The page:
Last year in March, Rick’s company offered him a promotion which we initially turned down. It involved a move across the country and we weren’t really interested in relocating at that time. They begged him to reconsider and flew the both of us in to check out the area. I have to admit, visiting the farmers market in the first week of June to find these… well, let’s just say Adam’s fruit wasn’t nearly so tempting.
Some of you might know of Sharon Astyk and have read her concept of Adapting in Place. It’s a concept that we’ve been working toward achieving for a long time here. All last summer we confronted the question of how to adapt in place when you don’t know where that place is/will be next year. And really, is it wise to give up all the work we’ve done here and move to a completely new climate? Questioning, questioning, questioning.
Rick liked the job and we both thought we could like the area, but we were also fearful of such a large change and leaving “our tribe.” Rick put together a proposal detailing what we would need to move out there; he aimed high figuring that if he got it, it would be worth it. We spent the summer doing projects around the house preparing to move, preparing not to move, on pins and needles, only to have them turn him down in August.
When we were turned down we were disappointed, but also relieved. Both of us were born and raised here in Colorado. All of our families are here (well, most of mine, I have a few scattered about). And I have finally been feeling connected to my community here. So many good friends have been made in the last year.
Fast forward to last week. They called Rick back, and after some negotiating offered him more than he originally asked for last year. The first guy they hired instead of Rick had to quit for health reasons, and the next guy has not been able to do the job. All of this is to say we are going to be packing up the homestead and moving to San Antonio, Texas.
In less than six weeks.
It feels silly to say that this is really unexpected for us. Last year, we spent a lot of time getting our heads and hearts prepared for a potential move across the country (not to mention the house). We knew all along that Rick was right for the position and we knew his bosses knew it too. We actually were surprised when he didn’t get the job after everything.
But now… now… well now we are packing up everything we own and trying to find a place to rent in a city we’ve visited one time.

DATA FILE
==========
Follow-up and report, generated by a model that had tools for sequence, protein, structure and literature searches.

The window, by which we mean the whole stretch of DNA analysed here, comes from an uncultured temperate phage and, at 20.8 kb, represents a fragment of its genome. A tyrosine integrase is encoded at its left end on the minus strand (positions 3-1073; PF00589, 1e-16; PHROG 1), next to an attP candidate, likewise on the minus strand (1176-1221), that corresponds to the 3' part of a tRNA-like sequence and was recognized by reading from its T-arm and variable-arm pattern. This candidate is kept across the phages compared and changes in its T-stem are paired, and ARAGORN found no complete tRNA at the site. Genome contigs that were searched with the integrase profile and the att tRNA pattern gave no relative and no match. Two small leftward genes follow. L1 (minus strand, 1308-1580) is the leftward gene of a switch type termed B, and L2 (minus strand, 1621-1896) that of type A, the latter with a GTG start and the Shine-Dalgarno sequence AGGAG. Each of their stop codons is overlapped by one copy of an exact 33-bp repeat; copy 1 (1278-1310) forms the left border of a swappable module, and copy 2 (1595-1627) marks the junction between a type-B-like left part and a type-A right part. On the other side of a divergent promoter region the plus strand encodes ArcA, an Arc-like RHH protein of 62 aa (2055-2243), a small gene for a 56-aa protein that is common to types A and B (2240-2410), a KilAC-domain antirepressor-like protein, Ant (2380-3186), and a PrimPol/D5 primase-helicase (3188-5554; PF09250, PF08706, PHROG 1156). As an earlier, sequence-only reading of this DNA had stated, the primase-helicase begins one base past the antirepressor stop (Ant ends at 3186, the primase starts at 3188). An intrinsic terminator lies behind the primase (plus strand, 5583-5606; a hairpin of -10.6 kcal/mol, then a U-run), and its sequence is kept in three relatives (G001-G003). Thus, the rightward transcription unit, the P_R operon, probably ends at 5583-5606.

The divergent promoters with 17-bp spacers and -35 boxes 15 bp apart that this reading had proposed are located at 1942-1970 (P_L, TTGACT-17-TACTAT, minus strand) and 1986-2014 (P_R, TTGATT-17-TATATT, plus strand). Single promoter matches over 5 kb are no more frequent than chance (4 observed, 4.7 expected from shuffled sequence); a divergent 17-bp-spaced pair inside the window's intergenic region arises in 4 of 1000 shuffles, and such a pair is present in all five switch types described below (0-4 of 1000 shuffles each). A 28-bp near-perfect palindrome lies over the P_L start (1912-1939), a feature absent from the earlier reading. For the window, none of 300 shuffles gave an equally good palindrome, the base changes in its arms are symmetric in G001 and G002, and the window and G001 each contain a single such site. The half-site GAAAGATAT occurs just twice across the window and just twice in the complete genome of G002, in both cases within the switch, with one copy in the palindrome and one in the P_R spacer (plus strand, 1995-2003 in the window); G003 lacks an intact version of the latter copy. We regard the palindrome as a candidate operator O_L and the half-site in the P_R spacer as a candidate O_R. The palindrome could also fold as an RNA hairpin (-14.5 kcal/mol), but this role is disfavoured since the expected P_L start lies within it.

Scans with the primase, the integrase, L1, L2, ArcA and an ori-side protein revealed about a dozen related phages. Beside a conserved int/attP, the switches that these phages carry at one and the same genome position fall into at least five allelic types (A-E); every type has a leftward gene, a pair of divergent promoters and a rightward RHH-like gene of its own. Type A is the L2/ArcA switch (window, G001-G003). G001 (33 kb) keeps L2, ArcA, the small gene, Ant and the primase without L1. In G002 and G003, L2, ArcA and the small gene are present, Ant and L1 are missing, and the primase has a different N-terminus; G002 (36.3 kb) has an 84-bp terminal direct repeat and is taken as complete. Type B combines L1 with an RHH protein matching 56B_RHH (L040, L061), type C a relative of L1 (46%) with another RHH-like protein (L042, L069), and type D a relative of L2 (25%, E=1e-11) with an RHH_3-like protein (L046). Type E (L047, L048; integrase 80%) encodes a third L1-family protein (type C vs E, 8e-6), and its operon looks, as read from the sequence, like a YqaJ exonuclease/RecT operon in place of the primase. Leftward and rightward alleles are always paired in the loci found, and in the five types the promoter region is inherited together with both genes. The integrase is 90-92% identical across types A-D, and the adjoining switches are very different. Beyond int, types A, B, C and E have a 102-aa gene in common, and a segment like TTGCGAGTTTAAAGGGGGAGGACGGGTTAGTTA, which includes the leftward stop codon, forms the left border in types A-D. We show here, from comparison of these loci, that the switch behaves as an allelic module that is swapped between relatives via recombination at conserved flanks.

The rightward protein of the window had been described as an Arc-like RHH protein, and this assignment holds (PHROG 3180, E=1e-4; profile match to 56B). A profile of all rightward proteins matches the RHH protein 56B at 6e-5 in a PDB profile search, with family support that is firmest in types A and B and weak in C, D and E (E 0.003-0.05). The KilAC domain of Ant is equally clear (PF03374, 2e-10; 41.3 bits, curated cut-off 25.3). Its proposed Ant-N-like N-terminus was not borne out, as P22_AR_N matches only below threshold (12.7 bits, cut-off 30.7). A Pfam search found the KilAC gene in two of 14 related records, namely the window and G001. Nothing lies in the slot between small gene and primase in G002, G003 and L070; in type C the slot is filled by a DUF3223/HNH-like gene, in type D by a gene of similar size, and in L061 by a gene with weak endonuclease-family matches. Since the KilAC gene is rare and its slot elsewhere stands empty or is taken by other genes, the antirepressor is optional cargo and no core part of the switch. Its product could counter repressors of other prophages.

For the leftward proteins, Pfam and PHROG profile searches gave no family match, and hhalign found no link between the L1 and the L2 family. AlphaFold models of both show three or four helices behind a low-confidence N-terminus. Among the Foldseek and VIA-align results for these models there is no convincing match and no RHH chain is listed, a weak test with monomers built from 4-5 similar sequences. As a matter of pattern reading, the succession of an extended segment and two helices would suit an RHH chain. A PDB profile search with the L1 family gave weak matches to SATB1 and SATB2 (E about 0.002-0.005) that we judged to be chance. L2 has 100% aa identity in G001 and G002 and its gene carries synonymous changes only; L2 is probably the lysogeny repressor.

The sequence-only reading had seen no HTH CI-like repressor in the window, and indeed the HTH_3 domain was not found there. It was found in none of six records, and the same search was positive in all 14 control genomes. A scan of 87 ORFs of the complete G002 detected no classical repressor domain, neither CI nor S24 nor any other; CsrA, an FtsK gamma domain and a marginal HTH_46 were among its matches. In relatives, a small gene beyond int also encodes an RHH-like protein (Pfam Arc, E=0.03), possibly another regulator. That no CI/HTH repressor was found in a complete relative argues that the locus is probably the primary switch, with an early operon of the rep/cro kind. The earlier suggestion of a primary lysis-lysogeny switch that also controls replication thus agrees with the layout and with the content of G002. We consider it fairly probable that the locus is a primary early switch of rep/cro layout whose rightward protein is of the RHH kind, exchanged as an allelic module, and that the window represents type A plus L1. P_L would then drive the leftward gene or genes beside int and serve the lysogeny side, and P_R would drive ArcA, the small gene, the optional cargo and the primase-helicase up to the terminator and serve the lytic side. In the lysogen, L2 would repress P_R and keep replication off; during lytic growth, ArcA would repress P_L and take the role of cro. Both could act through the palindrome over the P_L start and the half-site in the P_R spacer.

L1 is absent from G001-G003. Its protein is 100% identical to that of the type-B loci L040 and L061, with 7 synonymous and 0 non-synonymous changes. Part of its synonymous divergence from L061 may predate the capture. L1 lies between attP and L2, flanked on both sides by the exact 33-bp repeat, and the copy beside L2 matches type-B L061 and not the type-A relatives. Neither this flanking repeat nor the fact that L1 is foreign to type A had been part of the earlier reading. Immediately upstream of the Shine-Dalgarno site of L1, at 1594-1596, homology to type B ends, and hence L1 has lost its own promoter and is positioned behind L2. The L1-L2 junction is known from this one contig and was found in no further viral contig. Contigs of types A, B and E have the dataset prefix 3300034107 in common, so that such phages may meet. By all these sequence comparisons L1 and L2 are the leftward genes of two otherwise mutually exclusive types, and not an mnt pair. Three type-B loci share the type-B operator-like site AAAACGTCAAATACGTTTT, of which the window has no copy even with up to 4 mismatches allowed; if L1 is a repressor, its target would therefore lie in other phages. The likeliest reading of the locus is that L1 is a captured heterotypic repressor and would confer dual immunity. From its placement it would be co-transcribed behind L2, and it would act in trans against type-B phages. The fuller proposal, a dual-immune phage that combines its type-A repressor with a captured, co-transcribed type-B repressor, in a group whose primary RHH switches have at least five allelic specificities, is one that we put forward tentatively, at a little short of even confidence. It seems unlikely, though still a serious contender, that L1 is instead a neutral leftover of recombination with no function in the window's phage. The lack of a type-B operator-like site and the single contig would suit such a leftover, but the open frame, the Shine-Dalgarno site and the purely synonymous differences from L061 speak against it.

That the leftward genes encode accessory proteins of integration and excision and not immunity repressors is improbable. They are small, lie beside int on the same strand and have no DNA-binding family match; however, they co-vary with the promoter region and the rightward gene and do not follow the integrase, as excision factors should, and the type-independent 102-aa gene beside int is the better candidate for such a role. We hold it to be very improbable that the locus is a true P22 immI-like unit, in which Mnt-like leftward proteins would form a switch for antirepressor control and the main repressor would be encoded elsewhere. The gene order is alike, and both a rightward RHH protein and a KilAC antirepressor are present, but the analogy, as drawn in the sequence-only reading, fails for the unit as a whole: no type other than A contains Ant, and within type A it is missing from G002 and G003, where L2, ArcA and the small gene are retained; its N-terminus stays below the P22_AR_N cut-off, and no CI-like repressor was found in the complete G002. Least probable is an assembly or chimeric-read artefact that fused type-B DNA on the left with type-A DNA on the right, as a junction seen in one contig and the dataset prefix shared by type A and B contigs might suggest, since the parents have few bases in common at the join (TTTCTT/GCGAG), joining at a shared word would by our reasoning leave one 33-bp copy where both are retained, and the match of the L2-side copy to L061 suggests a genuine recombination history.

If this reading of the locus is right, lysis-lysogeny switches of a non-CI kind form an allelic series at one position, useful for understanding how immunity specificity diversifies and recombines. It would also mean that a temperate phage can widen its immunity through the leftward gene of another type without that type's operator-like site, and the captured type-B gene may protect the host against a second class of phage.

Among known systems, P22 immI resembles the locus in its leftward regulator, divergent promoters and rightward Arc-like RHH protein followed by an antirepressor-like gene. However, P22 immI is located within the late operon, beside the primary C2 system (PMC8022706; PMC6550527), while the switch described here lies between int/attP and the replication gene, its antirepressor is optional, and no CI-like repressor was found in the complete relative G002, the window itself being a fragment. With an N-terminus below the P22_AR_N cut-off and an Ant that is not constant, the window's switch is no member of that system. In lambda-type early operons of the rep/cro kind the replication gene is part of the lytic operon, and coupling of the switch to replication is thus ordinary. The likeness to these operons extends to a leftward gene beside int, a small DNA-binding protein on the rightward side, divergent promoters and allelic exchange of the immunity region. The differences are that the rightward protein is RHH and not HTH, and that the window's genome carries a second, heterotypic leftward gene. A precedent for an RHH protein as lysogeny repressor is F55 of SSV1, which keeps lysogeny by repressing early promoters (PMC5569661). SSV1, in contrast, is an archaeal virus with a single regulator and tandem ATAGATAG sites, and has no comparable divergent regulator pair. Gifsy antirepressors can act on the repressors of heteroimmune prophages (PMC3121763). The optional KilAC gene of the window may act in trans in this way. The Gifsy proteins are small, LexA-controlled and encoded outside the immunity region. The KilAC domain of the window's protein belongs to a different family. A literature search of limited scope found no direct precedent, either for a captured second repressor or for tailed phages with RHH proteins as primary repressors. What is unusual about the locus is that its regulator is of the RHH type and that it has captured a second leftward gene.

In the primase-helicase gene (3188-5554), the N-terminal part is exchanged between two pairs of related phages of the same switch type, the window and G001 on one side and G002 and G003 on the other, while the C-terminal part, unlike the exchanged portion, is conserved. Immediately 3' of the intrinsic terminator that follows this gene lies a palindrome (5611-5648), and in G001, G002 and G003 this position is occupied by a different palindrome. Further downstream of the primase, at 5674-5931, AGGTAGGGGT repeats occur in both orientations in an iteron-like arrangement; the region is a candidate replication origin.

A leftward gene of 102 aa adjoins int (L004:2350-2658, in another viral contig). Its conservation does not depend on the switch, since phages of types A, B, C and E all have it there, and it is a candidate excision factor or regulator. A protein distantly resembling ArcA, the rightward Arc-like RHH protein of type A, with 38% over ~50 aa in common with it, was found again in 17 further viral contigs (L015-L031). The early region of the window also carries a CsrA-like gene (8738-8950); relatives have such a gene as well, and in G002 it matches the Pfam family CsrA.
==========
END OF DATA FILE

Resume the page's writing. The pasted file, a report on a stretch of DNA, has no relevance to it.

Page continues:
Everything we’ve heard about San Antonio has been a mixed bag. Some love and others hate it. I feel a bit like Rapunzel in the movie Tangled. You know… filled with glee one moment and sobbing the next. But a good friend reminded me that there are good things everywhere. Thankfully, we’ve heard more good things than bad, and I know this is going to be a big adventure for our family. Ultimately, we are very excited.
We are sad about leaving behind our friends and families and neighbors. Of course, the beautiful Rockies. We’re a bit fearful about starting over with gardening and homesteading and community. I am sad to be leaving my new friends in my homeschooling group and all the friends we’ve made doing the potlucks. However, I’m finding that I’m sad about leaving behind some things that I did not expect to feel so attached to.
My beautiful garlic that I’ve been saving and growing for the last three years. It’s already starting to come up in it’s bed full of lovely soil that we’ve built up over nine years here. The soil. So much work has gone into building it up. My compost bins, both full of nearly finished compost. Just a little TLC when the warm weather hits and it will become black gold.
Our next door neighbor who dug up half his lawn to let us plant potatoes and carrots and onions. He doesn’t even eat them. The two cherry trees we discovered half a block from our house on city property… right when I was this close to planting my own. The pick-your-own peach orchard on the Western slope. All the digging and tilling and hoeing and digging. This is the place I first felt that real connection to my food and the earth and, well, everything. Everything!
On the flip side, there are things that we are really looking forward to. A fresh start, a new neighborhood (maybe one with lots of families or at least a park). Maybe a second bathroom and a guest room. Picking a new house with a bigger yard and the potential to grow more food, year-round. Did you guys see that there were tomatoes AND peaches in JUNE!?!?!?
So what does this mean for the blog? Well, I’ve had a long list of topics that are half written about. Some will need a bit of revision to fit our new situation. Expect to see them pop up here and there in the next two months. But I make no promises.
We’re pretty much scrambling to pull off a cross-country move with five people in less than six weeks. We have found a home for our bees and potential home(s) for the chickens. We will rent in San Antonio for at least a year, so we will not be taking them with us. We think we’re going to sell the house. If we can. Oh, and did I mention that Rick will be flying back and forth between Texas and Denver and will be gone for 2.5 of those six weeks? Yeah.
So if it’s quiet for a while, please understand why. And if you live in South Texas and have any tips for a gardener moving from zone 5a to zone 8b…. please share them. I’m going to need all the help I can get. It’s snowing in Denver while it’s a sunny 81° in January there. Yee-Haw!